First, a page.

One morning early in his freshman year at Cornell University, Ahmed Ahmed got a writing assignment back, flipped it over and stared at the letter in shock: A C+.
He went to his biology class, where the professor displayed a large graph showing the distribution of the grades for the exam, for which, like the writing assignment, Ahmed had studied really hard. The average was 85, with a very small deviation.
He got his exam, turned it over: 69.
He walked quickly to a lake near campus, wiping away tears. Even with his always-laughing, perennially optimistic personality, Ahmed couldn’t help but realize that despite everything he had done to earn a spot at Cornell, and how much a degree from the Ivy League school could transform his own life and his family’s, hard work might not be enough.
It happens every year to freshmen, not just at Cornell but all top universities, said the school’s former president Hunter R. Rawlings III; the students were all stars in high school, and both the competition from classmates and the expectations from professors are so much more intense that there’s often a midterm punch in the gut.
But few have as much at stake as Ahmed.
He didn’t talk about his past, until sweeping rhetoric from the campaign, and President Trump’s executive orders on immigration, pulled him up short. Many Americans support Trump’s efforts to tighten border controls, singling out certain countries including Somalia, as a means to keep radical Islamic terrorists out of the country.
For Ahmed though, it hit home. “To place this broad, encompassing stereotype or narrative on a whole group,” didn’t make sense to him, he said: “I know how unique every individual story is.”
Ahmed said he suddenly felt it would be a injustice, as a black man, as a refugee, as a Muslim, as an immigrant, not to tell his own story.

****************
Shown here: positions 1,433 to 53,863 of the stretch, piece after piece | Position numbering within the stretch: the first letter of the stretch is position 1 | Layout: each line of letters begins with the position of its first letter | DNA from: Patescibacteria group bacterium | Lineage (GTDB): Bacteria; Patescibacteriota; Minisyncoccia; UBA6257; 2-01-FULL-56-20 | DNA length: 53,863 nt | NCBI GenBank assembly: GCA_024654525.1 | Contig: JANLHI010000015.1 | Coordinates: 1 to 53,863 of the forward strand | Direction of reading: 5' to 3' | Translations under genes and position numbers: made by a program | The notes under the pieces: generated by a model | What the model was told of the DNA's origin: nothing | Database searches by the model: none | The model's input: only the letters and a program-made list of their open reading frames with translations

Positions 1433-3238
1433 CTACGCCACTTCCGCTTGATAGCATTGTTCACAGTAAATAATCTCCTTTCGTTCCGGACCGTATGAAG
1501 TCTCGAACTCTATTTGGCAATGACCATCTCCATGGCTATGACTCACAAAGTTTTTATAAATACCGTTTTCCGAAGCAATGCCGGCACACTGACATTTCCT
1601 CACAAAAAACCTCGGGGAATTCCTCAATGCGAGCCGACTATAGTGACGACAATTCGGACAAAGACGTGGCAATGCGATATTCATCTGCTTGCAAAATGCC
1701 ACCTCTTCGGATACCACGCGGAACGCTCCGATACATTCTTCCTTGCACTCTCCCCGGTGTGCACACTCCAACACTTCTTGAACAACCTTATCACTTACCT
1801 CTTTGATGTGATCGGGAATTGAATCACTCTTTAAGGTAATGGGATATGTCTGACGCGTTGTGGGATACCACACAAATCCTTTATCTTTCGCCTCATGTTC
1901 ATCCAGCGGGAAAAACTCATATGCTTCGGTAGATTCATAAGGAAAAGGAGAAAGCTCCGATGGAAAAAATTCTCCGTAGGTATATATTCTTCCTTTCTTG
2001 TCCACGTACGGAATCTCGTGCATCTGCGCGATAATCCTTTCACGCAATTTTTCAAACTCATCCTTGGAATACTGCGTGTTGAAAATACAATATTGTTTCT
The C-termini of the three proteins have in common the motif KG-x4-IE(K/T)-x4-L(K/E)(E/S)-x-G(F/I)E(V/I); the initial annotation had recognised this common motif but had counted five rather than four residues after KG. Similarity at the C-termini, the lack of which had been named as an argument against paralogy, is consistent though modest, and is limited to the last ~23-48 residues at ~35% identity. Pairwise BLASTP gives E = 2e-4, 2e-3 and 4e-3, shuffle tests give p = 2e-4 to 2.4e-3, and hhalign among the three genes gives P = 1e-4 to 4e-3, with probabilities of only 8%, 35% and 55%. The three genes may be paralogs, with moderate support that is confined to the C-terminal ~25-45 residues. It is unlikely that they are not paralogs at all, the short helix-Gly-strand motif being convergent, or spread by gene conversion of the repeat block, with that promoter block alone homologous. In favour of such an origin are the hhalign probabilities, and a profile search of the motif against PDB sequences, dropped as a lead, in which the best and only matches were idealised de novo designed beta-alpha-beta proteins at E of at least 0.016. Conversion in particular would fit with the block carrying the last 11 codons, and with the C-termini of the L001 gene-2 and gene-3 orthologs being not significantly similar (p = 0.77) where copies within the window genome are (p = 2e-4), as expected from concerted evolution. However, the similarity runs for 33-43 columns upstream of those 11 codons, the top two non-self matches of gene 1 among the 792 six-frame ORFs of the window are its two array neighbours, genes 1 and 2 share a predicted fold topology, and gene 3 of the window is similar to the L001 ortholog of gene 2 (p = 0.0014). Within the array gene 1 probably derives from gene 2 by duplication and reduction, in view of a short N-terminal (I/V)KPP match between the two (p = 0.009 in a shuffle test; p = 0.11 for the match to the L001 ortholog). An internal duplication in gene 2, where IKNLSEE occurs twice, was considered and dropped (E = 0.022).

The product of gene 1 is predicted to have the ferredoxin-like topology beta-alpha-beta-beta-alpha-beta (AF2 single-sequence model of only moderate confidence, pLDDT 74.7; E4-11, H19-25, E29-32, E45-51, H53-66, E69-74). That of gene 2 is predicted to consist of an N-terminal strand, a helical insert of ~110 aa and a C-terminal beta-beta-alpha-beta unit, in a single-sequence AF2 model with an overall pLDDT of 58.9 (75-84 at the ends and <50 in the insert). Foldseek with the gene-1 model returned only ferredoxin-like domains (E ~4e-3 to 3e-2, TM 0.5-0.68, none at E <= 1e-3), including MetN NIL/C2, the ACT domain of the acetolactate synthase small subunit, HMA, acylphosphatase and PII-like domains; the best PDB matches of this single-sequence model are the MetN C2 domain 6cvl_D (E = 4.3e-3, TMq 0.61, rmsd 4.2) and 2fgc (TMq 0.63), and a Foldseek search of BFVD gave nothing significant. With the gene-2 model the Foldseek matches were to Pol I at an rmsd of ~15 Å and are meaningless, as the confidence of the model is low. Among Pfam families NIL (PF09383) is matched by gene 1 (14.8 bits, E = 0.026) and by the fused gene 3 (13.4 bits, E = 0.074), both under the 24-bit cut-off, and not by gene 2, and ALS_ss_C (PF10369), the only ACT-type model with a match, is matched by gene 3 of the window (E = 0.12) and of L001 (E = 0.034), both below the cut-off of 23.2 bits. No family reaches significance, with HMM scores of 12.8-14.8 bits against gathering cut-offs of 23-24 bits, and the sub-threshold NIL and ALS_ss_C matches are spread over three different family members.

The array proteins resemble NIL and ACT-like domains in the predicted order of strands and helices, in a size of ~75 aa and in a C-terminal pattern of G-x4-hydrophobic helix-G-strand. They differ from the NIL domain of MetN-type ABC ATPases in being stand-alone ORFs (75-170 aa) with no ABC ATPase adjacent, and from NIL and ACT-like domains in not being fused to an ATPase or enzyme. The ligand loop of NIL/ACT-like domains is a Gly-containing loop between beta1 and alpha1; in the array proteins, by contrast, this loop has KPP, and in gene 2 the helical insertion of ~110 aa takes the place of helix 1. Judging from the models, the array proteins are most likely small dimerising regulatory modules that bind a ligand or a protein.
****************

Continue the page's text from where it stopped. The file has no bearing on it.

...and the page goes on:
Ahmed’s family fled Somalia during the country’s bloody civil war. Their home had been targeted repeatedly by robbers, the last time by a group of men who stormed in wearing black ski masks and carrying AK-47s.
Ahmed was born in a refugee camp in Kenya, his parents’ eighth child and their “lucky baby,” as they called him: After his birth, they were granted asylum in the United States.
It was the greatest gift, his mother later told him. They could live in a country that prided itself on liberty and freedom.
“It was this beacon of hope,” he said. “Here you could come and if you worked really hard, you could pursue any idea you had.”
They rented a tiny apartment in Riverdale Park, Md., putting mattress pads down on the living floor each night to sleep, then putting them away in the morning. His parents each worked two jobs at factories in Baltimore, and told the children to come directly home from school and stay inside; they wanted to shelter them from the drugs and crime that were common in the neighborhood at that time. They told them education and hard work would change their lives.
Source: The Washington Post /